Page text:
Data overload is real

May 3, 2021, 9:00 AM UTC

Good morning,

 Do you suffer from data overload?

This painful condition has skyrocketed as organizations have massively increased the amount of data they collect and then…well, that’s the question—what should you actually do with it?

To talk this through, I reached out to Shari Littan, director of corporate reporting research and policy at the Institute of Management Accountants (IMA), an organization for accounting and finance professionals with 140,000 members.

Littan, who was previously a practicing attorney in securities and corporate litigation, has thought a lot about data and financial reporting. The trick, she says, is helping members deal with the proliferation of tech-based solutions “not only get their job done but free them up to apply their expertise to help their organizations around higher-level considerations—risk, innovation, strategy, and leadership,” she says. As Littan quips, “What gets measured gets managed—unless I’m spending all of my talent resources measuring with none left for actually managing.”

A “pain point” for many of IMA’s members is a lack of access to collaborative cloud-based technology, Littan tells me, a point she explored in a recent report which she coauthored titled Building Financial Reporting Resilience Through Collaborative Cloud-Based Solutions.

Here’s some insight from Littan:

There still seems to be significant internal competition for resources within organizations that often puts a lower priority on moving corporate reporting to cloud-based collaborative systems. And this is perceived across the profession, regardless of industry or company size.

We might see more uptake as companies reconsider their post-pandemic futures, including the roles and responsibilities of its corporate reporting teams, particularly in light of more demands for environmental, social, and corporate governance (ESG) reporting.

Companies are being inundated with individualized requests for information and comprehensive survey instruments as analysts seek more specific disclosures regarding ESG.

Littan says she’s spoken with an agricultural company (which she did not name) that was receiving demerits on ESG ratings due to lack of disclosure on deforestation and animal rights. But the company’s operations is plant-based farmland. “Water is a very big issue from them, but not animal rights and deforestation,” says Littan. “Knowing that investors were looking at this rating, they had to take specific efforts to get the data aggregator to consider their individual business model.”

Respondents of the IMA survey said they were most interested in cloud-based technology with a particular focus on the last steps of financial reporting.” At the end of each accounting period, the financial reporting team must take the results from these various systems and feed the data into producing external reports in compliance with a range of regulatory mandates, such as the SEC, the IRS,” Littan tells me. And, “too much of this remains a spreadsheet, cut-and-paste exercise,” she says.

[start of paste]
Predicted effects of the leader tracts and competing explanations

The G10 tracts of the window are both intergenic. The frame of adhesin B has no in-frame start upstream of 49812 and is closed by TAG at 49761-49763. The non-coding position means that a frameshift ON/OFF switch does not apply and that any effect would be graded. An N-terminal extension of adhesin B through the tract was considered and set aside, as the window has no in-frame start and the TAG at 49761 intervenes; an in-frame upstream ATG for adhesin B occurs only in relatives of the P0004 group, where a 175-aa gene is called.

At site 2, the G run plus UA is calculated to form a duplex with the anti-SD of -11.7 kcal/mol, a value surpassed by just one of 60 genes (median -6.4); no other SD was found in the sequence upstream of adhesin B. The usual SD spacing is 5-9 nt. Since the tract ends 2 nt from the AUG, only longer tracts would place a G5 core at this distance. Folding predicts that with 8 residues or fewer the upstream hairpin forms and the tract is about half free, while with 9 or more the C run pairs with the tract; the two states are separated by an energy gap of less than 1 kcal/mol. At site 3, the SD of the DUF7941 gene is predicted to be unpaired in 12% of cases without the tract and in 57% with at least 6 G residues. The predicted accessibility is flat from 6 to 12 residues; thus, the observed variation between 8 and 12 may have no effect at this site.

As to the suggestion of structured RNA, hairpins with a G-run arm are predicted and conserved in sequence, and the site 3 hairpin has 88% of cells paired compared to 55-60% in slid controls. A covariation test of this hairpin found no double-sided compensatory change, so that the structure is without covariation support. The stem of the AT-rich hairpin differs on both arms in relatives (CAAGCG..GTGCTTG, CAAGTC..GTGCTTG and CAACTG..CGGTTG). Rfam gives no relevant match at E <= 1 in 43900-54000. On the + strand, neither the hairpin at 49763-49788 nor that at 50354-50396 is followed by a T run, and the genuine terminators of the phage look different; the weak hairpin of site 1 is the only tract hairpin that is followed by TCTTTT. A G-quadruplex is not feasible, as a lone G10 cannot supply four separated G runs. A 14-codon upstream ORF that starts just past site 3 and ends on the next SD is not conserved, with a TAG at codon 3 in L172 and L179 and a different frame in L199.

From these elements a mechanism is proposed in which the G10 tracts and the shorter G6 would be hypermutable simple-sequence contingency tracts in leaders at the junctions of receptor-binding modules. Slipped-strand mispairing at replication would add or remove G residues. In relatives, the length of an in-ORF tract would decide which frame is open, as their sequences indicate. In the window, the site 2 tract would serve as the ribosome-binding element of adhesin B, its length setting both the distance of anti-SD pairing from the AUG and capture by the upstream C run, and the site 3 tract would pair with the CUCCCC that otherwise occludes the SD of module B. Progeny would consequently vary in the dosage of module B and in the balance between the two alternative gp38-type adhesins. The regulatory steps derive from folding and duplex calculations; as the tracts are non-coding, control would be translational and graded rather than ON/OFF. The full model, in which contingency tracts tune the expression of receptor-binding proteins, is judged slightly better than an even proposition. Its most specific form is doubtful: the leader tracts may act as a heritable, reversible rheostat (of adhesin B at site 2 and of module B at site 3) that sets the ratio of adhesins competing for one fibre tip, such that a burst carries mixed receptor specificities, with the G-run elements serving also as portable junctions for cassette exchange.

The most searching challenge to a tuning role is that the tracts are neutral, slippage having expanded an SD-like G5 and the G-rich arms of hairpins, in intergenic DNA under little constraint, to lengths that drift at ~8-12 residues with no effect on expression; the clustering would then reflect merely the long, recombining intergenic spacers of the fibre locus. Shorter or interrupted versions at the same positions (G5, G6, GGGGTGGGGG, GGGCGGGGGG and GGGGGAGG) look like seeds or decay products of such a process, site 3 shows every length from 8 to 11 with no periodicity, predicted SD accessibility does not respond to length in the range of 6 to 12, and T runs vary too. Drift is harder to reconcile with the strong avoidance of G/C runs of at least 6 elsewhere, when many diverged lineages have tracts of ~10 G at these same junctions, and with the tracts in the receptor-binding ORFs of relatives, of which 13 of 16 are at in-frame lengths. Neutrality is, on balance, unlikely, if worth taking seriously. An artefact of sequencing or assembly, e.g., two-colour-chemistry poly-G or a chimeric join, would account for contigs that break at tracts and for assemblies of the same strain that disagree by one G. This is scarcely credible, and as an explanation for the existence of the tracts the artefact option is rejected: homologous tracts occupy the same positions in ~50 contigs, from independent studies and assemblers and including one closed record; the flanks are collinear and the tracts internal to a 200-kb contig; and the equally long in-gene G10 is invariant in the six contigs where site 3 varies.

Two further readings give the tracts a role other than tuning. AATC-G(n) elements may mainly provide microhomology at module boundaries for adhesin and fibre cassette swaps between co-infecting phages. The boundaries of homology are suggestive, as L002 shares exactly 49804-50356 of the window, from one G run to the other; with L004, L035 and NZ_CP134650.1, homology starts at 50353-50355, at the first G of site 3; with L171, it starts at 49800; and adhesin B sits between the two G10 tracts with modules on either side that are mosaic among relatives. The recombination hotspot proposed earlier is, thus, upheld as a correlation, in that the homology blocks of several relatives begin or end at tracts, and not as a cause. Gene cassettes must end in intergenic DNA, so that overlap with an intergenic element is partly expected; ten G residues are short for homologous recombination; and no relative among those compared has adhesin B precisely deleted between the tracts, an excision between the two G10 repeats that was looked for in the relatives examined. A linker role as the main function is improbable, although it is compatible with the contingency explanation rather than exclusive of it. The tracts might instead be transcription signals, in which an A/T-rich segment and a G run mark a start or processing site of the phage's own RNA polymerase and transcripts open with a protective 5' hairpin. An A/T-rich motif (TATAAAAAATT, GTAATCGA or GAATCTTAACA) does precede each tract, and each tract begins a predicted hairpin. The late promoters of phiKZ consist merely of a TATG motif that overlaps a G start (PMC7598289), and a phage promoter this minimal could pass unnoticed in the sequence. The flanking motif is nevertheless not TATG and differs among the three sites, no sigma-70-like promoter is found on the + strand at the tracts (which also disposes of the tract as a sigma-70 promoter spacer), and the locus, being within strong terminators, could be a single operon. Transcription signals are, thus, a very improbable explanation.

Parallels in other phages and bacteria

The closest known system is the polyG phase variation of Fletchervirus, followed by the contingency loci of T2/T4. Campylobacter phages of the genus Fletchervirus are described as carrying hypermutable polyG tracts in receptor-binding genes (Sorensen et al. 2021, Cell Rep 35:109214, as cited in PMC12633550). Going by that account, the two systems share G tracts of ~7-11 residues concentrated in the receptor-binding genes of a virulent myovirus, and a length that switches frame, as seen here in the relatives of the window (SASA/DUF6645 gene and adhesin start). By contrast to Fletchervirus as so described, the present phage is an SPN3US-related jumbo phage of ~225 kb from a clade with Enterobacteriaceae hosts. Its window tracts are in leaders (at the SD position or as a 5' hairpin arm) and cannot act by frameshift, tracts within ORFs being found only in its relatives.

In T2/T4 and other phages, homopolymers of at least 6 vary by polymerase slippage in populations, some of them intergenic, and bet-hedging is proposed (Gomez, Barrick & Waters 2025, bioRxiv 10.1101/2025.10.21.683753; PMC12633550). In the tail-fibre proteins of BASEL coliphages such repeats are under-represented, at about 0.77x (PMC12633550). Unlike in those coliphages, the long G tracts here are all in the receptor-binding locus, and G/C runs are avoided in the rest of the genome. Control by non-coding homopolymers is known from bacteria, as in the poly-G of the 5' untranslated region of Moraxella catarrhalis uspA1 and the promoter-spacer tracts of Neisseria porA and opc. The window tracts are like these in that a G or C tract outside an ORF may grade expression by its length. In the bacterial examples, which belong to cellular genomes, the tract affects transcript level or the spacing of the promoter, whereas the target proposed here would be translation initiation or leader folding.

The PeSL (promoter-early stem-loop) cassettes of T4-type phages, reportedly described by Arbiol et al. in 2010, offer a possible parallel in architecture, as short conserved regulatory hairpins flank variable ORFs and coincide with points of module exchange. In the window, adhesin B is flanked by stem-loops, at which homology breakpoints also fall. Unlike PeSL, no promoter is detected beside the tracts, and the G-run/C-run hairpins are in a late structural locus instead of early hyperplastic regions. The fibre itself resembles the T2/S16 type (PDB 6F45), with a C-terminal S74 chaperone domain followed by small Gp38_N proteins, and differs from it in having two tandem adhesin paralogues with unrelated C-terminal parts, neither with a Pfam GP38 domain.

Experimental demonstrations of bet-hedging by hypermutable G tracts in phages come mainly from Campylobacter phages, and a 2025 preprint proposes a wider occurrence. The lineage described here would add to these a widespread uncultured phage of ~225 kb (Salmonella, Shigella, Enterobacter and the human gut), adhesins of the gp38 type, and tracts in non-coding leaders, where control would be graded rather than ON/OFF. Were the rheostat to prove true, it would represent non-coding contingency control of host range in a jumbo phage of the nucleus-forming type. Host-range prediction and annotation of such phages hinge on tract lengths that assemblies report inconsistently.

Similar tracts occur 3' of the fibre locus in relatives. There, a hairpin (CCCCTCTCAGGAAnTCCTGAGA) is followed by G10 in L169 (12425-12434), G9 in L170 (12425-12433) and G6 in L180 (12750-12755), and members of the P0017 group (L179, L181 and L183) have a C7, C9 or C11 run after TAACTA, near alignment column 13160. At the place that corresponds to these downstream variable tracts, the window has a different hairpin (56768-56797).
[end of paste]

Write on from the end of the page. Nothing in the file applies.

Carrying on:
“This is where cloud-based collaborative platforms can make the process more efficient, and free up talent resources from routine document creation to analysis,” she says.

See you tomorrow.

Sheryl Estrada

Big deal

The financial benefits of cloud computing and how organizations can optimize cloud spend is explored in A Bright Forecast on Cloud, part three of a four-part Cloud Impact Study from Aptum, a global hybrid multi-cloud managed service provider. The study also takes a look at the top drivers behind cloud computing investments. About 400 senior IT professionals in the U.S., U.K. and Canada participated in Aptum’s study.

Going deeper

A new report, Intuit QuickBooks Small Business Recovery, examines the varied impact of the coronavirus pandemic on small businesses across different geographies and industries. Among the top performing industries over the past 12 months are home improvement and real estate. "At the end of March 2021, mortgage bankers’ annual revenues were up by 30% compared to their pre-pandemic level—an increase of $147,000 per business," according to the report. However, some of the hardest-hit small businesses are in the recreation industry. For example, annual revenues of bowling alleys were down by 33% at the end of March 2021, which is "a drop of more than $250,000 per business, compared to before the pandemic," the report found.


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Rosanna Godden was named CFO and board secretary at Super Coffee, a bottled coffee brand. Prior to Super Coffee, Godden spent the last decade at Amazon working on the company's corporate mergers and acquisition team.

Humberto "Bert" Alfonso was named EVP and CFO at Information Services Group, a global technology research and advisory firm, effective June 7, 2021. Alfonso will succeed David Berger, who will retire from the position after almost 12 years with the firm.


"Even before the pandemic there was a trend...towards leadership being approachable. I can’t see that changing that much after the pandemic."

— Lynn Harris, founder and CEO of Gold Comedy, on the effect of including levity in company culture, as told to Fortune.

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